Aliens | movie review
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Movie summary: Fifty-seven years after surviving an apocalyptic attack aboard her space vessel by merciless space creatures, Officer Ripley awakens from hyper-sleep and tries to warn anyone who will listen about the predators. (IMDb)
I know that Alien gets a lot of love - and deservedly so - but Aliens is by far and away my favourite entry in the series and is one of the few movies I've seen at least ten times. Yes, the change from horror to action is quite the shift, but it really fricking works here and pretty much all of that has to go down to just how great a director James Cameron is.
This isn't going to be a Cameron love-fest, but he really knows how to make action movies from top to bottom and inside out, with Aliens possibly being his best by just pipping Terminator 2: Judgment Day to top spot. Both movies look fantastic, they sound incredible, the pacing is sublime and the action itself is amazing to watch with how inventive and resourceful it is.
Where I think Aliens tops T2 is with the characters, thanks to the former simply having more numbers to work with and displaying Cameron's skill in fleshing out secondary parts as memorable roles in their own right, such as Bill Paxton's endlessly-quotable Hudson, Jenette Goldstein's badass Vasquez (although I doubt that casting choice would fly these days) and Lance Henriksen's excellent turn as Bishop.
Hell, I could run right through the entire cast and point out a line or scene where they get to shine and stand out as individuals for the audience to connect with. It might not sound like much - and honestly, it isn't - but so few movies these days can match Aliens for having so many memorable characters. MCU movies might come close, but even they can take multiple movies to make audiences connect with the characters in a manner similar to what Cameron can achieve in a single film.
Michael Biehn again helps Cameron by playing another tough, but smart soldier following on from playing Kyle Reese in The Terminator just a couple of years earlier, and is again fantastic; and Carrie Henn as Newt is incredible as a kid whose role involves a lot of screaming which never becomes annoying thanks both to Henn's performance and the situation of a few marines against seemingly-countless xenomorphs justifies the vocal levels she manages.
But, of course, the standout is again Sigourney Weaver as Ellen Ripley, who manages to - like her character - not just stand her ground, but excel in a fairly large cast of characters. Yes, the movie obviously focuses on her as the only returning cast member from Alien, but it's not like she suffers from being the heart of the movie. If anything, she proves that she bloody well deserves to be the one everyone - characters and audience alike - should be paying attention to.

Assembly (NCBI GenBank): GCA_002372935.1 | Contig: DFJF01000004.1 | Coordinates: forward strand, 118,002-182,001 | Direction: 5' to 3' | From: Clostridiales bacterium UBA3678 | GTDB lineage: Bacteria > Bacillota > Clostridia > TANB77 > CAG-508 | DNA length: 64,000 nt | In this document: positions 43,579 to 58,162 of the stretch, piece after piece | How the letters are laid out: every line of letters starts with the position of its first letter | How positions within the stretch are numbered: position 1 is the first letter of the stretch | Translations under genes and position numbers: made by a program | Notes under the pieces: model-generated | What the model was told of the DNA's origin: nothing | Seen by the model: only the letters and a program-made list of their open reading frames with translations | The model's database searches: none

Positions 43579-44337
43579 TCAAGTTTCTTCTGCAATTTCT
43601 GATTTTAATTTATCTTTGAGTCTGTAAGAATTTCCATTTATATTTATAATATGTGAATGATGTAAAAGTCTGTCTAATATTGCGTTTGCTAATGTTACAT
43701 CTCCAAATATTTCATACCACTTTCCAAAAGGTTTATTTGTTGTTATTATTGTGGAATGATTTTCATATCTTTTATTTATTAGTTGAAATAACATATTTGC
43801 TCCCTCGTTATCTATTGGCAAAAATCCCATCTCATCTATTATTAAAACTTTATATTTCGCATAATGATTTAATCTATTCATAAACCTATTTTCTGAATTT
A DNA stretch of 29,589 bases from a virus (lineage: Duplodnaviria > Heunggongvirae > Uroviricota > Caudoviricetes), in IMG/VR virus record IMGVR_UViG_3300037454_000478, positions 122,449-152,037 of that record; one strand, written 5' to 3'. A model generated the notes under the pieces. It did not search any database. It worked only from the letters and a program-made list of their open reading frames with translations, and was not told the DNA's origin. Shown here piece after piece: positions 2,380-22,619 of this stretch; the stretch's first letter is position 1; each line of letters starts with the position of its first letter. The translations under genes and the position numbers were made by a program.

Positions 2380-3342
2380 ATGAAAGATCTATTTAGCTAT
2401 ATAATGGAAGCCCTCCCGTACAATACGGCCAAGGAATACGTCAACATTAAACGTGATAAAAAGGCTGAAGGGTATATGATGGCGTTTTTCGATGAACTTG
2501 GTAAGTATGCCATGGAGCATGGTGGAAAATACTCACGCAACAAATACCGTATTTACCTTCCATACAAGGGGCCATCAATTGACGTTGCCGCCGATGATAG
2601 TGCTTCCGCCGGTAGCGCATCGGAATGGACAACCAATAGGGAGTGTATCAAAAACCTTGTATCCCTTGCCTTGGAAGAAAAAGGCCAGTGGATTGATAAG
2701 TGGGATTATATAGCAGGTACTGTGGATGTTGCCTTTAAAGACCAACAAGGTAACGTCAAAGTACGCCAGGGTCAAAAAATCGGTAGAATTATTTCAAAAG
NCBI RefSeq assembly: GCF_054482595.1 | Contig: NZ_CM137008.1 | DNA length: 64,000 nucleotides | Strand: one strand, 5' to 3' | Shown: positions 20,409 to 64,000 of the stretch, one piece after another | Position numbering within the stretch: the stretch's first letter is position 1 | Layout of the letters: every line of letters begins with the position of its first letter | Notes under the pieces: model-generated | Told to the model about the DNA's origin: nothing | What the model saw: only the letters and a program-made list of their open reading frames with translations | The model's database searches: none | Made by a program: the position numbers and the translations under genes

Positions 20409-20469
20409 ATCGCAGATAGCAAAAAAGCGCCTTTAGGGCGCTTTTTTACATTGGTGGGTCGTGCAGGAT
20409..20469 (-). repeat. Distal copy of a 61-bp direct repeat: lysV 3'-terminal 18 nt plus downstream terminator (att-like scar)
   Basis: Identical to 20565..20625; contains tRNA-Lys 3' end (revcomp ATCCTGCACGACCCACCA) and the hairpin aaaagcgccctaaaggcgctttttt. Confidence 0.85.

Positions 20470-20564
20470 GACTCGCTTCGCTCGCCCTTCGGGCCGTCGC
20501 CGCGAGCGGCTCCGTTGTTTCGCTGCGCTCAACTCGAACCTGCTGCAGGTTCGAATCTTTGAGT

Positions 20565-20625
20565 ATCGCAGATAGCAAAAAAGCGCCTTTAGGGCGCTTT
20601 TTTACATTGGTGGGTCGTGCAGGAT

Having watched Alien and Aliens in such close proximity, I think one of the biggest pieces of praise I can give Cameron is that this movie doesn't look anywhere near as dated as the original, despite coming out only seven years later. It obviously doesn't look modern, but it continues the consistent high level of completely immersive production design from the first movie while taking advantage of what technological advances there were at the time.
It's the pacing of the movie that I think really seals the deal though, because you're never really given long enough with the many dimly-lit locations to really notice any major flaws or issues. That's not a complaint either, the breakneck speed Aliens moves forward with is incredible and is part of the reason why I love this movie so much - it doesn't spoon-feed you exposition either, and you need to keep up or get left behind.
The relentless forward momentum is perhaps the main reason I've seen this movie so many times: once it gets it's claws into you, it doesn't let go until the very end and drags you kicking and screaming along with it the entire time - kind of like one of the xenomorphs, huh? It's over two hours long and there's never been a single occasion of watched it where it has felt anywhere close to that long.
For me, Aliens is one of those rare sequels that improves on the original, which is an insane accomplishment considering how damn good that original is! It continues in the same 'world' while fleshing it out and adding further details to give this movie it's own sense of identity, while changing tones and genre from the first film to create something that feels almost entirely unique - basically, James Cameron is a goddamn genius.
Aliens is one of, if not the single best action movie ever created and a more than worthy sequel to a brilliant movie despite the shift in tone from 'haunted house in space' to what is effectively a war movie. To be fair, making the greatest action movies of all time seems to be a hobby for director James Cameron, who really set a standard very few films have come close to since.